This is a guest post from Lucy, a secondary school student from Carmel College
“For men, the bicycle, in the beginning was merely a new toy, another machine added to the long list of devices they already knew in their work and play. To women, however, it was a steed upon which they rode into a new world.” – Munsey’s Magazine, 1896.
A hundred and twenty years has passed since the woman suffrage movement of the late 19th century. The actions of many women, such as Kate Sheppard, created a movement that led to New Zealand becoming the first self governing country to grant women the vote. The rest of the world gradually followed in the footsteps of the determined woman suffragists of New Zealand. In this post, I discuss how this societal change was enabled by the humble bicycle that we know, love, and use today.
Bicycles arrived in New Zealand in the late 1860’s but early models – known as penny-farthings – were unsafe and difficult to ride due to their heavy iron frame and wooden wheels. While cycling was initially dominated by men, by the 1880’s improvements in technology meant that cycling became less dangerous and was increasingly an activity all genders could enjoy. In doing so, bicycles allowed women to escape from the family and the home. While cycling to the local park or visiting friends across town may not seem like much today, these were freedoms that had previously been denied to many women, at least without the accompaniment of men.
In 1892, the first all-women cycling club in Australasia was formed – The Atalanta Cycle Club. This club was located in Christchurch and boasted members like Kate Sheppard and dress reformer Alice Burn. They organised picnics, day trips and longer tours. Not everyone was pleased by these developments, however, with members of the club receiving verbal and physical abuse. On one occasion when members set off on a cycling excursion wearing knickerbockers, a practical garment promoted by dress reformers, they had stones hurled at them. Nonetheless, women persevered and continued to advocate for their rights. By participating in this club, women continued to use cycling as a way to liberate themselves both politically and socially, inspiring many people to support the campaign for a more equal country.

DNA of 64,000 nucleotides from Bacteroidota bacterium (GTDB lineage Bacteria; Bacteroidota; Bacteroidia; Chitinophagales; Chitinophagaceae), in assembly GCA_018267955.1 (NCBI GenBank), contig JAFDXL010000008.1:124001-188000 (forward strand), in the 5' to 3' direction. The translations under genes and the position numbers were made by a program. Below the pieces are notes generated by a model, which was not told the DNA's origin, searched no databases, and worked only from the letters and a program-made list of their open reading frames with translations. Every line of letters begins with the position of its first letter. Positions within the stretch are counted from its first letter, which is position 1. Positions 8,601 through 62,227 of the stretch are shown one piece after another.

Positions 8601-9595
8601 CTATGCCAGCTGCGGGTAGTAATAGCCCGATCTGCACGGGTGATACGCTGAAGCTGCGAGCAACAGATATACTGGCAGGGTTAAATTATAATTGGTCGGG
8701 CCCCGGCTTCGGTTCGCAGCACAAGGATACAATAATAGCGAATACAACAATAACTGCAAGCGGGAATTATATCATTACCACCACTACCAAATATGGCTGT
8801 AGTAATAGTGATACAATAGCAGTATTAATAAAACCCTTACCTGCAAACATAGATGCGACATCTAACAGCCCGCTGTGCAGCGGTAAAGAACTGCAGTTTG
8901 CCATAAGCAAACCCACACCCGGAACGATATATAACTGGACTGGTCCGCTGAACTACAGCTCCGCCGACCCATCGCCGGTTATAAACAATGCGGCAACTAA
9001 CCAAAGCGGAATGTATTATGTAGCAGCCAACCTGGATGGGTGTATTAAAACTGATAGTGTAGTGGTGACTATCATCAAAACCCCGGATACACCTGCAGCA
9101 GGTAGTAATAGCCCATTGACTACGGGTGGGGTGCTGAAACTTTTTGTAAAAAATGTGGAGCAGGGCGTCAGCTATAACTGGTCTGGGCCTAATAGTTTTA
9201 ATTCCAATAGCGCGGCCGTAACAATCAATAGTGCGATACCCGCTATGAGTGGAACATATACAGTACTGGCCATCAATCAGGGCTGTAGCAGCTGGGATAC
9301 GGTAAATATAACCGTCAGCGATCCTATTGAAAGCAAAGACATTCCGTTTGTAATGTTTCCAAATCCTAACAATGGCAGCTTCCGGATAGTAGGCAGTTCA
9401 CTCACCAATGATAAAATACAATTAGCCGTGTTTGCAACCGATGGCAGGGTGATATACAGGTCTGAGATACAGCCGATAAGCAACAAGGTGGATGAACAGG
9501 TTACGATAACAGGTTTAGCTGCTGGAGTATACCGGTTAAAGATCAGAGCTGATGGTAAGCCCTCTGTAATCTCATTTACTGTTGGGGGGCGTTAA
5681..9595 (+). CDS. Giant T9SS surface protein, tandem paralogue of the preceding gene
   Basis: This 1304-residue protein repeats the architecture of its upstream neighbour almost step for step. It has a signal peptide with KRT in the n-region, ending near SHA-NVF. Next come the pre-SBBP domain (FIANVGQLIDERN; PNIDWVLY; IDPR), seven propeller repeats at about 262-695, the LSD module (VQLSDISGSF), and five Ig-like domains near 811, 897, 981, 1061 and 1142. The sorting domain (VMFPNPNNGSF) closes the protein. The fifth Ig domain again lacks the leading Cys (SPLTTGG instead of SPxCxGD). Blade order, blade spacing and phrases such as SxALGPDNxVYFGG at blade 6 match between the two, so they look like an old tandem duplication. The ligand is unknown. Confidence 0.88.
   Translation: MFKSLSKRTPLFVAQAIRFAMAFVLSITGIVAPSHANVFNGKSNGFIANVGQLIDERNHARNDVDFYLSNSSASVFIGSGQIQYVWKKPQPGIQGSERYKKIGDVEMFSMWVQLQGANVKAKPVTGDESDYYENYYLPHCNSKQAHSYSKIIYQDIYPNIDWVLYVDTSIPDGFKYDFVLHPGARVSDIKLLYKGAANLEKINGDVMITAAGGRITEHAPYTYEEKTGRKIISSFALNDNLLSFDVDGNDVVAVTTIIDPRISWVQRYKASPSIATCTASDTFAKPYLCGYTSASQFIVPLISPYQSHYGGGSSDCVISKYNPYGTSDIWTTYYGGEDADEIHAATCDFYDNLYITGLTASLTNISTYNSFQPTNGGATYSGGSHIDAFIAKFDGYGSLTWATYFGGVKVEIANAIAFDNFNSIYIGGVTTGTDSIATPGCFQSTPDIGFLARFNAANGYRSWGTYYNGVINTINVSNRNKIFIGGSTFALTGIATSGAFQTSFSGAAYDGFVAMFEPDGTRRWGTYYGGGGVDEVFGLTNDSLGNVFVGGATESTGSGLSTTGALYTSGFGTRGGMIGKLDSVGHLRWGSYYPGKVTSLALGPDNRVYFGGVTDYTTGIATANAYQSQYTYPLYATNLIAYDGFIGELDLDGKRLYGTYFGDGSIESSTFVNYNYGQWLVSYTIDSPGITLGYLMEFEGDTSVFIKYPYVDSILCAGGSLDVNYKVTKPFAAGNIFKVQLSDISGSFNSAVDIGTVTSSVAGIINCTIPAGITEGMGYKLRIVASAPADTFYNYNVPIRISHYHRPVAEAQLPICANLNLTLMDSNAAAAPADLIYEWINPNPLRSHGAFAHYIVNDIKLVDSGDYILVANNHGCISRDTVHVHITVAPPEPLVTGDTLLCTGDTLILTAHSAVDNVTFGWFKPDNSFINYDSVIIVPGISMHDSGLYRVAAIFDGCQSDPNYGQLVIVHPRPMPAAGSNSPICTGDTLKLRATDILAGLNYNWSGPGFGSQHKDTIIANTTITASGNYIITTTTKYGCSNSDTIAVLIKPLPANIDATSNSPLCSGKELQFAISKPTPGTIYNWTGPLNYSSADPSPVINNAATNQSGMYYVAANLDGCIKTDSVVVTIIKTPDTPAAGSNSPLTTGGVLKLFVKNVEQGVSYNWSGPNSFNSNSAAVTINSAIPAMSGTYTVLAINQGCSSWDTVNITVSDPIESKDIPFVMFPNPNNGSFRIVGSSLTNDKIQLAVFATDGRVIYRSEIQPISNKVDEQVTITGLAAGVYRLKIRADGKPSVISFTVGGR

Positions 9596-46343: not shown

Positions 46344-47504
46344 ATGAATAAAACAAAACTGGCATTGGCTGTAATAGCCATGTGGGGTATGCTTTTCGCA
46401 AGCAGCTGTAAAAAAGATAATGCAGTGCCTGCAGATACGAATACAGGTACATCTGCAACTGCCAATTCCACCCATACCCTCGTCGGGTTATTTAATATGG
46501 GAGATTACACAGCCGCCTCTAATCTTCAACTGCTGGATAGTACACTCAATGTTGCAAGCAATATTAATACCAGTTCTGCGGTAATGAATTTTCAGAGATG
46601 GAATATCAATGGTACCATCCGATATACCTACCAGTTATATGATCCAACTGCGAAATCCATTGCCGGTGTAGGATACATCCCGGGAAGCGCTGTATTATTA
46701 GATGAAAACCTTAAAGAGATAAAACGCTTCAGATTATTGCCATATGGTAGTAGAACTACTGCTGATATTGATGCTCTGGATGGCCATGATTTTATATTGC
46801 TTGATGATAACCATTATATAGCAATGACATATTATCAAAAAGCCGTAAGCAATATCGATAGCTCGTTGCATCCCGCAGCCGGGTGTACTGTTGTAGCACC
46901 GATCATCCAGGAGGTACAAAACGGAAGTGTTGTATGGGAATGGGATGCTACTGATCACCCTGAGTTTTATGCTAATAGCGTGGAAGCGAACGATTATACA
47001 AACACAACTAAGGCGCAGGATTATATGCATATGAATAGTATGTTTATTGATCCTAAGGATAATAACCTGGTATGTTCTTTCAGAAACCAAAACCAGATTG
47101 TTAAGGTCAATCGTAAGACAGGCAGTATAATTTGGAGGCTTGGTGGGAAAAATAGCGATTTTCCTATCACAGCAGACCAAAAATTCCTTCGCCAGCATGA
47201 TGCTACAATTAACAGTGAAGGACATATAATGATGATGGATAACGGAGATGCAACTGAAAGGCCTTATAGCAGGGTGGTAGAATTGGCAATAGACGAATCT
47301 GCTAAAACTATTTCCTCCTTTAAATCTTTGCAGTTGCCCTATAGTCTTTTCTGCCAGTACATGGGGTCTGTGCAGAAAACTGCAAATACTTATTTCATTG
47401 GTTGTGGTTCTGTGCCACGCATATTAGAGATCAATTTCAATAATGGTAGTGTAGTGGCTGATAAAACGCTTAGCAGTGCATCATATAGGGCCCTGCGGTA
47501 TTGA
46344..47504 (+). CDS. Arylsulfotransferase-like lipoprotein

Women’s cycle clubs became a symbol of freedom and emancipation. Women’s rights activist Susan B. Anthony says: “Bicycling has done more to emancipate women than anything else in the world…I stand and rejoice every time I see a woman ride by on a wheel …the picture of free, untrammeled womanhood.” By providing freedom through mobility, cycling provided women with an opportunity to organise and advocate for broader freedoms. At the time, rapid societal changes were starting to challenge narrow views of the 19th century in a diverse range of aspects – social, cultural and political. New opportunities for women were evolving in education, medicine, religion, and charitable works. Naturally, people’s attention soon turned to the issue of women’s legal and political rights.
Women knew to have a voice they needed the vote, a say in the legislative process of New Zealand, we see their determination in a quote by Kate Sheppard ‘Do not think your single vote matters much. The rain that refreshes the parched ground is made of single drops’. By the late 19th century the suffrage campaign emerged in New Zealand and was in full swing. All over the country women began protesting and advocating for a movement towards women’s political rights. A movement led by Kate Sheppard and the Women’s Christian Temperance Union. The suffragists began the conversation of equal rights in politics, organising massive petitions collecting 9,000 signatures in 1891, 20,000 in 1892 and nearly 32,000 – almost one in four women by 1893. And what better way to collect these signatures than via bicycles! Suffragists cycled up and down the country collecting signatures for parliament and performing speeches empowering many to join the movement. Finally, after many years of hard work by women suffragists fighting for political rights on the 19 September, Lord Glasgow signed a bill into law granting all New Zealand adult women rights to vote.
Suffragists celebrated throughout the country, and congratulations poured in from suffrage campaigners in Britain, Australia, the United States and elsewhere. For women in many countries this gave them hope. And just like New Zealand, suffragettes in other countries used the bicycle as an instrument for gaining political rights. The struggle for women’s voting rights was long and difficult and continues apace. We see battles for women’s equality still being fought all over the globe, for example in the fight for equal pay and the right for women to drive in countries like Saudi Arabia.
While striving to address these issues, there is value in remembering the seismic changes that cycling enabled. In their own humble way, bicycles provided freedom and liberation that, in turn, supported further change. Today, as a teenager in Auckland cycling continues to empower people. With my bike I can cycle to school or struggle up the steep hills of my neighbourhood. At moments like these, when I’m huffing and puffing on my bicycle, I try to remember the work the 19th century women’s suffrage movement did to create the opportunity for the more free and just society I live in today. Through my bicycle, I identify with women like Kate Sheppard and pay my respects to the hard work, bravery and determination they possessed.
So my suggestion to all women out there: Go outside, get on your bicycle, and celebrate the legacy the freedom of riding a bike has brought to us all!